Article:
“The Son of God became a man to enable men to become sons of God.”
—C.S. Lewis, Mere Christianity
Growing up in a country church, I heard a lot of talk about “inviting Jesus into your heart.” The grown-ups who used that term seemed rational and competent, so I accepted the phrase. But, oh, I pondered it.
I couldn’t quite make it work. I had questions. My first problem with the idea of “inviting Jesus to come live in my heart” wasn’t theological, but spatial. When I was about eight, I took my mom aside and asked her a two-part question.
First: “Mom, Jesus was a grown man, right?”
“Yes,” she told me, “Jesus, was born and grew up like the other adults you see.”
Second question: “Ok,” I said, “Then how can a grown-up Jesus even fit into a little boy’s heart?”
On the one hand, I felt like I had discovered something new. But on the other, my question frightened me. Had I seen a problem that no one else had seen? Once I exposed the “size problem,” I feared that the whole of Christendom might crumble. And history would eventually track it back to little Roger Edwards of Siler City, the boy who killed Christianity.
I vaguely recall my mom laughing and saying something like, “God can do anything.” Well, I found that answer wholly unsatisfactory. First, it didn’t do justice to my profound question. And second, I’d heard this answer used before to cover all sorts of questions about God and the Bible. It was a sort of get-out-of-jail-free-card answer. But I was eight, so what could I do? Outwardly, I accepted my mom’s answer, but my question never went away.
In fact, the size problem got bigger. As I began to understand the Christian message, I found that God was much bigger than the “old-man-in-the-sky” I’d imagined. He dwarfed the world, the solar system, the universe. He was bigger than size and older than time. In fact, I learned that the words “big” and “old” don’t really apply to God, since He is without limit and beyond time. As I learned more, the whole concept of God kept expanding until eventually my conceptualization couldn’t keep up. This was a similar experience to when I had tried to name the largest number I could, only to realize that someone could always add one more to it. I couldn’t wrap my mind around the reality that numbers (and God) never end. Never, ever.
God is never-ever-ever-(ever +1)-ending.
Somewhere along the line, I applied this same scale to Christmas. Someone introduced me to the definition of the word “incarnation,” which I had previously thought was some kind of Christmas flower.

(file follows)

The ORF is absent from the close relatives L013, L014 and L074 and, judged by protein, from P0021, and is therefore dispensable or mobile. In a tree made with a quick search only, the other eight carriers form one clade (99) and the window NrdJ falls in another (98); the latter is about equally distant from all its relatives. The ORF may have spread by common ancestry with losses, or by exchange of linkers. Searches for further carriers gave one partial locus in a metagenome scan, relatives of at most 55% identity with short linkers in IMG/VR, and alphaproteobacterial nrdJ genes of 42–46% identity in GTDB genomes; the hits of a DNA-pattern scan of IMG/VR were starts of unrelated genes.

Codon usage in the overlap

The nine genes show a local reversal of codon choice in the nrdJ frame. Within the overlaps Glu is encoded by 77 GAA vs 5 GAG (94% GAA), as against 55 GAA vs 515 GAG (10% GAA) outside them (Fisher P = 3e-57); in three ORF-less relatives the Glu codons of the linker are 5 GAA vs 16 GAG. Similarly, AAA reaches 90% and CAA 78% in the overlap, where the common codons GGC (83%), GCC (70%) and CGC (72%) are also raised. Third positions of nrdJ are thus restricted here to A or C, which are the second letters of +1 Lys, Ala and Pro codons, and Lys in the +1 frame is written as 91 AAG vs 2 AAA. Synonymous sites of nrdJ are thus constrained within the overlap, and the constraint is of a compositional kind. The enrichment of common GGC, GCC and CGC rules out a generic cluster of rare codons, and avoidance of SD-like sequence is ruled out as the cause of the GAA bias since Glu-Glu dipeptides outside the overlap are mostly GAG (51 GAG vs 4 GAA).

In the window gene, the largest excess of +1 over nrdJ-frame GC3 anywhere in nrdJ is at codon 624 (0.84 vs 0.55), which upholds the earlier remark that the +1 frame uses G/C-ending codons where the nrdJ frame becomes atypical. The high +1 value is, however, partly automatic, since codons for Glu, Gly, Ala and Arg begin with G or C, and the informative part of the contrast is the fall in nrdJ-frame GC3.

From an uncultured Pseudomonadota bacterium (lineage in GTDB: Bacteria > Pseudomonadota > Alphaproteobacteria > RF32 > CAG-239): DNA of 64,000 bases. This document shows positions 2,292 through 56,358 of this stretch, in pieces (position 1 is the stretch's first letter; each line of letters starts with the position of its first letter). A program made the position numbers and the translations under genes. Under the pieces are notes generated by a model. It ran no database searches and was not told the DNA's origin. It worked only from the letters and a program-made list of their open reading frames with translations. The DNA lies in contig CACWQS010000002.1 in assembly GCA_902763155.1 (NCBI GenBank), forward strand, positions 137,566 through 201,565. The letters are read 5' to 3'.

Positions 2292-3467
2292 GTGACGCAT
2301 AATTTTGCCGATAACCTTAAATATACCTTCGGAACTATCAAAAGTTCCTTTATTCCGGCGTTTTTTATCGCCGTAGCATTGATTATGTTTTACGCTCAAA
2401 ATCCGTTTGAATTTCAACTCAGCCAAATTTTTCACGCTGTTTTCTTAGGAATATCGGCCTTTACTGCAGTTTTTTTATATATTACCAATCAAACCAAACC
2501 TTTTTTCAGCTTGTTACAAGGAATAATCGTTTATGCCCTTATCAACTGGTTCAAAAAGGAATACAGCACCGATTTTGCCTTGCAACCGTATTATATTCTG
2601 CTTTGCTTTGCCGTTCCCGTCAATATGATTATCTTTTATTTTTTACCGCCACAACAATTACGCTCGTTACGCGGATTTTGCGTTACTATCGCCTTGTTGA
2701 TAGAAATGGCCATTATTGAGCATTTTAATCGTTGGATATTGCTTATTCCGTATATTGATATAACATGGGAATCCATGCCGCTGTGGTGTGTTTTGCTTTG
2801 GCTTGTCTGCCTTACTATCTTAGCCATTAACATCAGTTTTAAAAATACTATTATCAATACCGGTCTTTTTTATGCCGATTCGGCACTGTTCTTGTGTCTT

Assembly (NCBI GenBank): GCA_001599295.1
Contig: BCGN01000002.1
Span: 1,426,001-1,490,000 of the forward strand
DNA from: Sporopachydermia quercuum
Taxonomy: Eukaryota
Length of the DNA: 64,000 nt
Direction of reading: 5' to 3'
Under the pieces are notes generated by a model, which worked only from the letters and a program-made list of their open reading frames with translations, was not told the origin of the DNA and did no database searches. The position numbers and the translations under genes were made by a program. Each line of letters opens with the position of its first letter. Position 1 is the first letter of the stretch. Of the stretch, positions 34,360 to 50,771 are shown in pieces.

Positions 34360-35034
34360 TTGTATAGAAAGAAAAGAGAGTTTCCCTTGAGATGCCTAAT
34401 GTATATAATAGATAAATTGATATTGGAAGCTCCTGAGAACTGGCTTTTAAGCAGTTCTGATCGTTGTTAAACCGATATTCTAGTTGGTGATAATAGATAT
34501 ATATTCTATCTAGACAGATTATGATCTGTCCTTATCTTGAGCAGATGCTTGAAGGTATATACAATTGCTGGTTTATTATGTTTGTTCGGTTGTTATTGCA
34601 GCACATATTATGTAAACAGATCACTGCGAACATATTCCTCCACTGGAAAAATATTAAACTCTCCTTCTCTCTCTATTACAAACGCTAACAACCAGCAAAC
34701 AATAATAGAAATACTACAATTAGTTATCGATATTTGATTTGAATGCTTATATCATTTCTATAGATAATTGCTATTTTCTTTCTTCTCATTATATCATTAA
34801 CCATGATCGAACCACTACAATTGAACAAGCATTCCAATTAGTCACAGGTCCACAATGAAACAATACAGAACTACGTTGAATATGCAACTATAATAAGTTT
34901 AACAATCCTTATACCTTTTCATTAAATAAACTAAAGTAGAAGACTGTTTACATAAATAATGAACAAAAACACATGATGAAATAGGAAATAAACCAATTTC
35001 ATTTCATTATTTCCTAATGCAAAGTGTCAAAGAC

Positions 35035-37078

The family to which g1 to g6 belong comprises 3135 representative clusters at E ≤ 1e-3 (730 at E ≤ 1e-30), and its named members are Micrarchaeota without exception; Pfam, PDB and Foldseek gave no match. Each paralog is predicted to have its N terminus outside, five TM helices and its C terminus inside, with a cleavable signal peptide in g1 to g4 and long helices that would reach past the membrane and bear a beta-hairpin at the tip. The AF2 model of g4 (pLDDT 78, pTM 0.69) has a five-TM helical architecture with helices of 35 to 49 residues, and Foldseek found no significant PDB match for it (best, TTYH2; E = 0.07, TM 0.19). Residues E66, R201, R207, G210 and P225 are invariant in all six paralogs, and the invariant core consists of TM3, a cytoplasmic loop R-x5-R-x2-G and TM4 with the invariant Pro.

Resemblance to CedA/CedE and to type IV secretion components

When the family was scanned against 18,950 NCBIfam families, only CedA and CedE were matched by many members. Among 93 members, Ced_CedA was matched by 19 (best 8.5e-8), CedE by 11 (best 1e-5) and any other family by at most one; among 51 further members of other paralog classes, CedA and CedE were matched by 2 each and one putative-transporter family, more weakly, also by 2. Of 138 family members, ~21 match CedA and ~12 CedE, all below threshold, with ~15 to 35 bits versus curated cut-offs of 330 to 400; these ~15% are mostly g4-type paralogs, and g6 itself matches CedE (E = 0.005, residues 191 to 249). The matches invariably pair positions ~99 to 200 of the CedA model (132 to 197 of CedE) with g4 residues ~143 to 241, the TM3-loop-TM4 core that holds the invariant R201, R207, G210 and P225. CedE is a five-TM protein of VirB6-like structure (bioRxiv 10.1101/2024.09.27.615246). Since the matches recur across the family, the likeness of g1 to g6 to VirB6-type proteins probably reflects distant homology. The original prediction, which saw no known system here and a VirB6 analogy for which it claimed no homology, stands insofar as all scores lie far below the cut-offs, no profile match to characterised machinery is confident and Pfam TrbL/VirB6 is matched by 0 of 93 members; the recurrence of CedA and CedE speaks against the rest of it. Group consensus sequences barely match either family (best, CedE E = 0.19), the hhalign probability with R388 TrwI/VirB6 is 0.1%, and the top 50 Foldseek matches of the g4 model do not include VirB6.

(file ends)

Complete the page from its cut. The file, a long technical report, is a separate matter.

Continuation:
“No,” I was corrected, “Incarnation means that God became a man.” So the eternal never-ever-(ever+1)-ending God became a mortal/finite-(non +1)-humanoid. Christmas is the Incarnation, when God entered the world in, or contained within, the shape of an infant.
There was that size problem all over again, except infinitely more difficult.
Yet, my mom had told me that God can do anything. His size is matched by His power. I learned that this is called “omnipotence,” which I had always thought had something to do Granddad sneaking alcohol.
“No,” I was corrected again, “Omnipotence means God is all-powerful.” The eternal never-ever-(ever +1)-ending God who is also all-all-(all+1)-powerful became a mortal/finite-(non+1)-humanoid who hungers, thirsts, gets tired, and needs His mom. Christmas is the Incarnation, when God entered the world within the shape of a powerless infant.
However, this brought up yet another problem. Ok, so this is something an Eternal being can do because He is all-powerful. But just because God can do it, why would He do it? It was already incredible that God could fit His all-powerful, never-ending self into human form, but the idea that He would want to seems incongruous. Inappropriate? Scandalous? Maybe even foolish.
My mom had told me that, yes, God could do anything, but somewhere along the way I remembered that she also told me that God would do anything to show me that He loves me. He would cram Himself, limit Himself, empty Himself into the form of a servant just to track down that little boy from Siler City. Christmas is indeed the Incarnation, when God—the eternal, never-ever-(ever+1)-being and the all-all-(all+1)-powerful—spared not even His own son to bring His love to my little heart, where He intends to live. Forever-ever-ever-and-(ever+1).
Roger Edwards joined The Barnabas Center in 1991. He works with both with individuals and couples, helping people confess their need and embrace their available choices to lead healthier lives. Roger also teaches and leads discussion groups and retreats applying the Gospel to everyday life. He is a licensed professional counselor (LPC), holds a master’s degree in biblical counseling from Grace Theological Seminary in Indiana and earned a bachelor’s degree in engineering from the University of North Carolina at Charlotte. He is married to Jean and they have seven children and nine grandchildren.